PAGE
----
Enhanced Help Guides are built right into the cameras.
The FE-4020 is available in warm gray, pearl white, light pink and light blue, while the FE-47 comes in silver, black, red and blue. The FE-47 should be available now, with the FE-4020 next month. The 4020 has an estimated street price of about $180, and the FE-47 about $140.
Olympus has made quite a name for itself with its rugged models. Here comes the Stylus Tough-3000. This is a shockproof, waterproof and freezeproof compact camera, the first Tough model with HD video (720p), plus Magic Filter.
It also offers a new graphical user interface (GUI); new Olympus software for rapid downloading and enhanced photo organization with geotagging and face recognition; and AF Tracking, including that “Pet Mode.”
Tough? It can withstand a 1.5 m drop, can be submerged up to 3 m underwater (it has four preset underwater scene modes and can also capture HD movies underwater); and can handle -10C temps.
The camera offers a 3.6x optical zoom (28-102 mm equivalent) and 12-megapixel image sensor, Dual Image Stabilization and the intriguing Tap Control. This latter feature lets you control functions with a simple tap on the camera’s top, back or sides, with a 3D accelerometer detecting the direction of the force on the camera’s body. This is helpful if you are wearing gloves.
Face Detection detects up to 16 faces within the frame and automatically focuses and optimizes exposure. Intelligent Auto Mode automatically identifies what you are shooting (i.e., Portrait, Night + Portrait, Landscape, Macro and Sports) and adjusts the camera’s settings. In-Camera Panorama mode captures three images and stitches them together to create a panoramic picture.
The Tough-3000 comes with the instruction manual saved on the camera’s new internal memory.
Decked out in “sporty red,” pink, blue or green, the Tough-3000 is scheduled for February availability at an estimated street price of about $250.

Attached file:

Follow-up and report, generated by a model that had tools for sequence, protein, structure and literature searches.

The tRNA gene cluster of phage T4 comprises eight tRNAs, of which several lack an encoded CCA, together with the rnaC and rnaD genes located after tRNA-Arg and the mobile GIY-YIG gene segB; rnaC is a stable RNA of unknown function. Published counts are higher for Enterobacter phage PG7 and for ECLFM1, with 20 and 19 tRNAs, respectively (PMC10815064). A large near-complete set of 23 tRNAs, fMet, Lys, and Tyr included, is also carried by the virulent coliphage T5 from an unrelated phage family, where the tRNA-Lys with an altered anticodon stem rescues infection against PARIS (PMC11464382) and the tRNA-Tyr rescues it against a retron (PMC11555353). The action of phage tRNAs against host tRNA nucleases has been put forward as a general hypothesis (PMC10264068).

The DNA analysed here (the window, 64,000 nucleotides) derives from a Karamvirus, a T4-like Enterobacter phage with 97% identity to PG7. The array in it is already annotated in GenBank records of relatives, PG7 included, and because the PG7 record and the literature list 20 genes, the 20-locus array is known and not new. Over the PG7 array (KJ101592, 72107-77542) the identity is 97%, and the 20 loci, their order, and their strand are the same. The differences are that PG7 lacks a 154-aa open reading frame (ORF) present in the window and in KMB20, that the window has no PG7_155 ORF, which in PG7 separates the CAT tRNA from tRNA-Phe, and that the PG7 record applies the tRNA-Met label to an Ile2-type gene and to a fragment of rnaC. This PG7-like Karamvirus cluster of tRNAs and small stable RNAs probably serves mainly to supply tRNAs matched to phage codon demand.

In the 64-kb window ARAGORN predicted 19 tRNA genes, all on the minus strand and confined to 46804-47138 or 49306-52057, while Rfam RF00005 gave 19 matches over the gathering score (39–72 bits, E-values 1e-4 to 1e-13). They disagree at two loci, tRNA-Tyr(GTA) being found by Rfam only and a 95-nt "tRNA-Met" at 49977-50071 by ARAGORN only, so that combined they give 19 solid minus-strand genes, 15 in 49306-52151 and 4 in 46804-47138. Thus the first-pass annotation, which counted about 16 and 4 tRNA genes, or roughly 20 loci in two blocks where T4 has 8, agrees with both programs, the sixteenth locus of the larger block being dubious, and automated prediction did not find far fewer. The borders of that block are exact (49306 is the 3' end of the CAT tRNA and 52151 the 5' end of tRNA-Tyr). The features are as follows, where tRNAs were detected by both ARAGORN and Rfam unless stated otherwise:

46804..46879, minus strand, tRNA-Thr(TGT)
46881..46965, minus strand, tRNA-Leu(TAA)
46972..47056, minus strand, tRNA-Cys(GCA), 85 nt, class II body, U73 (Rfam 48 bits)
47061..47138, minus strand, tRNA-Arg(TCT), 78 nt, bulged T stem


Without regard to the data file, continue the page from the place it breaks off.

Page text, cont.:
The Pentax Optio E90 is an entry-level digital compact camera. It features Auto Picture mode that automatically selects the most appropriate shooting mode for a given subject or scene, and Automatic Face Detection with Smile Capture. This latter function automatically detects the subject’s face, then optimizes the focus and exposure settings, and then Smile Capture automatically releases the shutter the moment the camera detects the subject’s smile. Auto Picture mode automatically selects one of eight shooting modes (Landscape, Portrait, Night Scene, Night Scene Portrait, Flower, Sport, Standard, and Candlelight) for a given subject or scene.
The camera also offers double anti-shake protection. When the E90 detects low-lighting conditions in still-image shooting, it automatically raises the sensitivity to as high as ISO 1600, for a higher shutter speed. During movie recording (640 x 480 pixels), the E90 prevents blurry images by digitally minimizing camera shake by using exclusive software.
The camera has six digital filters, and you can appply multiple filters to a single image. Digital Panorama mode automatically creates a single panoramic picture from as many as three images.
The E90 has a 3x zoom lens (31.5-94.5 mm equivalent) delivering light to a sensor with 10.1 effective megapixels.
Interestingly, the camera has an image recovery function to retrieve accidentally erased images. Thank you, Pentax.
The Optio H90 has a 5x optical zoom lens (approximately 28-140 mm equivalent), approximately 12.1 effective megapixel CCD, a 2.7-inch LCD, 1280 x 720 pixel video, Movie SR (Shake Reduction) mode, Face Detection AF & AE function handling up to 32 faces in the image field, Smile Capture mode, and a Blink Detection function which warns the user when the subject’s eyes are closed when the picture is taken.
Pixel Track SR (Shake Reduction) mode compensates for camera shake during still-image capture; Auto Picture mode automatically selects one of eight shooting modes; digital filters include Toy Camera and Retro; D-Range setting prevents washed out highlights and blocked up shadows; Auto-tracking AF mode keeps constant focus on a moving subject; Digital Panorama mode creates a single panoramic picture from as many as three images; Digital
Wide mode creates a panoramic, ultra-wide-angle picture from two images; Frame Composite function has 90 frames stored in the camera.
This camera has the Image Recovery function, too.
Pentax may have taken a page from its own book with the Optio I-10, with a design reminiscent of its 110 film SLR. No interchangeable lenses, however, but a 5x optical zoom lens (28-140 mm equivalent) pushing light to a 12.1 effective megapixel imager.
Its new-generation Face Detection AF & AE function, which detects up to 32 faces in the image field, will also work on the faces of up to three dogs and cats. Pet lovers, take note.